Seasonally adjusted figures for September released by the Australian Bureau of Statistics on Wednesday show that 812 houses were approved in South Australia in the month, down from 822 in September 2020.
It is also only the second time this year that house approvals in SA have fallen below 1000 in a month, after reaching a seasonally adjusted 940 in July.
However, the number is still well ahead of the 655 houses approved in September 2019 and the 594 in 2018.
The housing construction industry received a huge boost in June 2020 with the introduction of the HomeBuilder scheme during the depths of the COVID-19 pandemic.
Late last year, the federal scheme was extended, allowing applications to be submitted until April 14 with work needing to start within six months of signing a new contract, although the size of grants was trimmed from $25,000 to $15,000.
In the 12 months to the end of September, the seasonally adjusted ABS figures show there were 12,887 new houses approved in South Australia, the highest on record.
Master Builders SA CEO Will Frogley said predictions of a post-HomeBuilder cliff had not materialised.
“Demand is still strong six months after applications for the grant closed,” he said.
“Approvals have cooled from HomeBuilder-driven record highs but are well above what they were pre-pandemic.
“A strong building and construction industry is continuing to drive South Australia’s social and economic recovery. I don’t know many people in the industry who aren’t busy.
Frogley said during the COVID-19 pandemic South Australians had prioritised spending on their homes as working from home arrangements increased the need for larger and more comfortable living and work spaces.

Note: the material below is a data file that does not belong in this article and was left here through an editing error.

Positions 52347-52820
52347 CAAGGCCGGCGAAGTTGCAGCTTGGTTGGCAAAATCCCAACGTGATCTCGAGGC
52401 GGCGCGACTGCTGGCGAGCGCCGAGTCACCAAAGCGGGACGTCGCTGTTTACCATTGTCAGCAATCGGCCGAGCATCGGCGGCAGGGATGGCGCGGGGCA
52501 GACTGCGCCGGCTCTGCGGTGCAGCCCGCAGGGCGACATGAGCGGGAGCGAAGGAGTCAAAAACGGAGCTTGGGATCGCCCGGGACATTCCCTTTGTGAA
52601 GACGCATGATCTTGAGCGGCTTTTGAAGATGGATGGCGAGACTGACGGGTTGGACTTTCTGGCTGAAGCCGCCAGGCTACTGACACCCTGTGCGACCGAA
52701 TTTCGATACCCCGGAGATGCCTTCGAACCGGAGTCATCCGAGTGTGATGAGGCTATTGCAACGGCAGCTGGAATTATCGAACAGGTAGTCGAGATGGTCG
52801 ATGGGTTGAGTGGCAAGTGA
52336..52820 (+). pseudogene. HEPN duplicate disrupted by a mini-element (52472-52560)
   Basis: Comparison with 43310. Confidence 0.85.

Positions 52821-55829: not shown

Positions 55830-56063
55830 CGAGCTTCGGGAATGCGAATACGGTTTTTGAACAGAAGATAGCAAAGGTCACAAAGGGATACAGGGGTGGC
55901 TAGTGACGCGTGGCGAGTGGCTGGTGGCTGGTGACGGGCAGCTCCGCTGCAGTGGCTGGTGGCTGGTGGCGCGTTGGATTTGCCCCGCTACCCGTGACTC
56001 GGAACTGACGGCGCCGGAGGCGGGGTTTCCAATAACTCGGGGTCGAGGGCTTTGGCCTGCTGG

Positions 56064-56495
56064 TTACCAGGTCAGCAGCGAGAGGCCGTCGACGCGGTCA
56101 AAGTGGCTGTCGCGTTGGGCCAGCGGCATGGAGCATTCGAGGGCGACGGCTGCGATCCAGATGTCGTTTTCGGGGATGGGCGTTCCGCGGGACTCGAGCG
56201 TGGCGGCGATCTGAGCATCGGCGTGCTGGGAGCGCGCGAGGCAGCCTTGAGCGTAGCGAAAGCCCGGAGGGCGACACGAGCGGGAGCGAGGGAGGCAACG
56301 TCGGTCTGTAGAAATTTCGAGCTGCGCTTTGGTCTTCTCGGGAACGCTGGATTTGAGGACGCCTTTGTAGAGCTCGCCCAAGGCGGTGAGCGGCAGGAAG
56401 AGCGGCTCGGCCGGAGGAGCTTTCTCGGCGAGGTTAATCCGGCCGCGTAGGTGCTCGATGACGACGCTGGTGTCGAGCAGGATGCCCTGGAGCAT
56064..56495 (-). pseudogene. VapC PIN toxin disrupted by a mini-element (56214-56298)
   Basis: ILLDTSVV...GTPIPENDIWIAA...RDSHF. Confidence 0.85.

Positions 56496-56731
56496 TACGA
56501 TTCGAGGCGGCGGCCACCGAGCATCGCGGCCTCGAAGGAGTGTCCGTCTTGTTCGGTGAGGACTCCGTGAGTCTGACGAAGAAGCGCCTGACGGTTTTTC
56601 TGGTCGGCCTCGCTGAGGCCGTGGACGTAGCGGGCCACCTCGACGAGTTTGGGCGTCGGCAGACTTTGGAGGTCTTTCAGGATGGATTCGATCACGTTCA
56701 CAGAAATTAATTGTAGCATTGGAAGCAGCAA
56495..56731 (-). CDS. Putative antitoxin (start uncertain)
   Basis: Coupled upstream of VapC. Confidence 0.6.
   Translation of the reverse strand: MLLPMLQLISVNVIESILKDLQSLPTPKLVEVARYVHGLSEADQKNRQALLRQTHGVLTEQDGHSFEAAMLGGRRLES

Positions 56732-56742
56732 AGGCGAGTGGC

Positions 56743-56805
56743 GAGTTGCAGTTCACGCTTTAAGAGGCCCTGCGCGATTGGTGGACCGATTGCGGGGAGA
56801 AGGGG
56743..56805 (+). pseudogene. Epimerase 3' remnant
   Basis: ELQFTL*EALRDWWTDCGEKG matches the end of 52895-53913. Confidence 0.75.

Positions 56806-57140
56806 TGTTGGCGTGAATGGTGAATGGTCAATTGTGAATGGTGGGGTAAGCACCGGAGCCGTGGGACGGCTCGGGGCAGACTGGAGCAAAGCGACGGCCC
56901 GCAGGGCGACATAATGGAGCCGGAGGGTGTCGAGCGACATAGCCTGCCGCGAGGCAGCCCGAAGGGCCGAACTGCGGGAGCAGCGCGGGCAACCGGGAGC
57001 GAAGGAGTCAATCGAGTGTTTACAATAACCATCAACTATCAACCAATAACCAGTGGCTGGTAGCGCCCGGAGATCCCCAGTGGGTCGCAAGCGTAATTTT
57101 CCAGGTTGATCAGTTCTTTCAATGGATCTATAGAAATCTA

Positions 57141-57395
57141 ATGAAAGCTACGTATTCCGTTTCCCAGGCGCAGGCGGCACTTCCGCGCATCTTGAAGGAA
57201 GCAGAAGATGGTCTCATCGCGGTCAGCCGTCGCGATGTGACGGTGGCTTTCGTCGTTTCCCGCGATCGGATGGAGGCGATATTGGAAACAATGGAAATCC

“The first home buyer market, mid-range and luxury new builds and renovations are all strong,” he said.
“We’ve seen a fundamental shift in the market with increased demand for space.
“Many South Australians are moving further north, south and to the regions with larger blocks and lifestyle a key driver – for many work from home is here to stay.”
The demand spike caused a shortage of building materials such as structural timber and steel while associated price increases put some builders under pressure.
Frogley said the industry was still facing shortages of materials such as timber, steel, and laminated beams but he expected supply chains to ramp up as the COVID-19 situation settles interstate.
“The state and federal governments have committed money to bring Kangaroo Island timber to the mainland and that can’t come soon enough for many builders,” he said.
In the established homes market, CoreLogic published its October figures this week showing Adelaide’s house values grew by 2 per cent for the month.
This increased the median value of an Adelaide home to $543,265 an annual rise of 20.07 per cent.
Nationally, housing values rose 1.5 per cent in October, a similar result to August and September.
However, the market is continuing to slowly lose momentum since moving through a peak monthly rate of growth in March of 2.8 per cent.
Perth recorded its first negative monthly result since June last year, with values falling 0.1 per cent.
At the other end of the spectrum, Brisbane has taken over as the fastest-growing market with housing values up 2.5 per cent in October.
CoreLogic research director Tim Lawless said slowing growth conditions were a factor of worsening housing affordability, rising supply levels, and less stimulus.
He said house prices continued to outpace wages by a ratio of about 12:1.
“This is one of the reasons why first home buyers are becoming a progressively smaller component of housing demand,” Lawless said.
“New listings have surged by 47 per cent since the recent low in September and housing-focused stimulus such as HomeBuilder and stamp duty concessions have now expired.
“Combining these factors with the subtle tightening of credit assessments set for November 1, and it’s highly likely the housing market will continue to gradually lose momentum.”
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